Britain is absolutely riddled with this kind of cheating. The great thing about this downturn is that all the nonsense is going to be exposed because in tough times we can’t afford to tolerate it. Anyway, everyone is going to be in a really intolerant mood. This is all about a mood swing. We believe the good times are gone and taking the mickey when everyone else is suffering is going to result in being punished by everyone. Its about time! It was great to see my fellow Lutonites finally find their [email protected] the other day and chase off the treacherous little squirts who dared to insult our troops. Beware liberal lefties your days of eulogising our enemies are over, just try it and see what happens :-D.

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  • Last summer Private Eye reported the following: There are almost 5 million households in social housing. Estimates of the extent of unlawful subletting vary between 3% and 10% of this number. In the 1990s two studies were conducted in Lambeth to find out if council properties on two large estates were occupied by the lawful tenants. Both studies were terminated when it became obvious that they had opened a can of worms; subletting was rife and ‘lawful’ tenants had disappeared into the ether. Typically the ‘lawful’ tenant paid £60 – £70 a week and sublet at £200 – £400 a week.

    Typically a council doesn’t know if its tenants have additional tenancies with other councils. Some years ago an investigator found a fraudster with 28 tenancies spread across 28 different London Boroughs. The priority of local authories and housing associations is usually to achieve their rent collection targets and thereby avoid penalties. According to the Audit Commission’s report for the latest year (as at July 2008) the UK’s 474 local authorities managed to recover just 69 sublet properties.

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  • Is it a British thing to not report this type of crime?
    If a friend at work told you that they were paying their friend rent and living with him in his council flat then you might not want to see your friend go to prison and you might find that proving the activity is difficult because it will often be cash-in-hand or a myriad of excuses for money exchange and being temporarily at your friend’s house could be thought up.

    Rather than making it a criminal offence, maybe it should be a civil wrong liable to a fine based on someone being found to be living at a council flat without permission – the onus to prove longevity of the stay could be removed. That might be a more practical way of getting people reported and subsequently showing liability. Some people might deny having savings with which to pay a fine but a lot of people doing this crime are people with quite good jobs who simply want to get ahead in life.
    A name them and shame them policy might be good too so that someone’s name would be tarnished.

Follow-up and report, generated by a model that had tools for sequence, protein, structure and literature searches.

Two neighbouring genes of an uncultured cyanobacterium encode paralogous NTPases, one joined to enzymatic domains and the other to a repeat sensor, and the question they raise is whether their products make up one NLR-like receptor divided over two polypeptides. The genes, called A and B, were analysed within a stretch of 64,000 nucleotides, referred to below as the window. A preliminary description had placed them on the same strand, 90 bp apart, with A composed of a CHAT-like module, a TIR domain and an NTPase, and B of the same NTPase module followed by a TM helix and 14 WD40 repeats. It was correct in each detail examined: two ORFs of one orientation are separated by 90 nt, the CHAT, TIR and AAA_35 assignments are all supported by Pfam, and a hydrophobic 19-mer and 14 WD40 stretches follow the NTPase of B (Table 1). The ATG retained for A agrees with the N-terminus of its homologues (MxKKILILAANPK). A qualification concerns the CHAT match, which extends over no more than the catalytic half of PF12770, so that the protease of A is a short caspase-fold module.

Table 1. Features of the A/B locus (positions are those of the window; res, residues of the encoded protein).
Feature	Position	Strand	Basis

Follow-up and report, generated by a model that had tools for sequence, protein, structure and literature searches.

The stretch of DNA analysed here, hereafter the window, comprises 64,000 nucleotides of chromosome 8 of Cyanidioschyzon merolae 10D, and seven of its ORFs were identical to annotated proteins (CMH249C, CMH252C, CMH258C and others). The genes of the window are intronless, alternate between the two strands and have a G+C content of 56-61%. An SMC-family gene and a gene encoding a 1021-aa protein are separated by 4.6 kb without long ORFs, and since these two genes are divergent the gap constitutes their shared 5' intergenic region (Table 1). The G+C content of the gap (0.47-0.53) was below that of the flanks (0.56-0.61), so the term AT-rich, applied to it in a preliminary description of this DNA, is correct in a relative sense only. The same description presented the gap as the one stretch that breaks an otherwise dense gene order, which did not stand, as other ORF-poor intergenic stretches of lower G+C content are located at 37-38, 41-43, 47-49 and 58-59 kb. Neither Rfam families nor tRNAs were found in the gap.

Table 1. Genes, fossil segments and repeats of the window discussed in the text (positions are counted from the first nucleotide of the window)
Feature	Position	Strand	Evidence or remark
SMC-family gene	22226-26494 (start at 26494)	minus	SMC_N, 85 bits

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  • mdmick…..

    “Is it a British thing to not report this type of crime?” – The trouble is, as i stated in my post earlier, that peoplew really don’t have much of an idea about their neighbours. In both the cases I mentioned I never knew anything until, in the first case, I had moved out. And in the second case was in the proces of moving.

    Also in both cases the evidence is purely hearsay, no-one really has the information. We have to be careful we all don’t become like the East German Stasi.

    As icarus points out, the local authorities appear to not be interested.

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  • Blowawhistle says:

    It is true to say that illegal subletting of social housing properties has become a national epidemic – unfortunately, Social Landlords are entirely responsible for the growing problem. Housing Associations do what they need to do to keep below the radar of the (completely ineffective) Housing Corporation and stay out of supervision. This ensures they continue to receive their government funding – allowing them to focus on new developments of shared ownership ( which has now completely blown up in their faces…but thats another story!) and protects the position of Senior Management who frequently earn £60K with both private health care and a final salary scheme pension. I work for a Housing Association and admit that during the recent Inspection carried out by the Audit Commission, we told the inspectors what they wanted to hear and not how it actually was! This is the same Regulatory body who were completely hoodwinked by Social Services at Haringey Council. Icarus hit the nail on the head in his post – the issue of sub-letting is a great big can of worms and it is therefore easier to ignore it than deal with the problem. Maybe if the matter was more high profile in the media public outrage would force the governement to address the problem!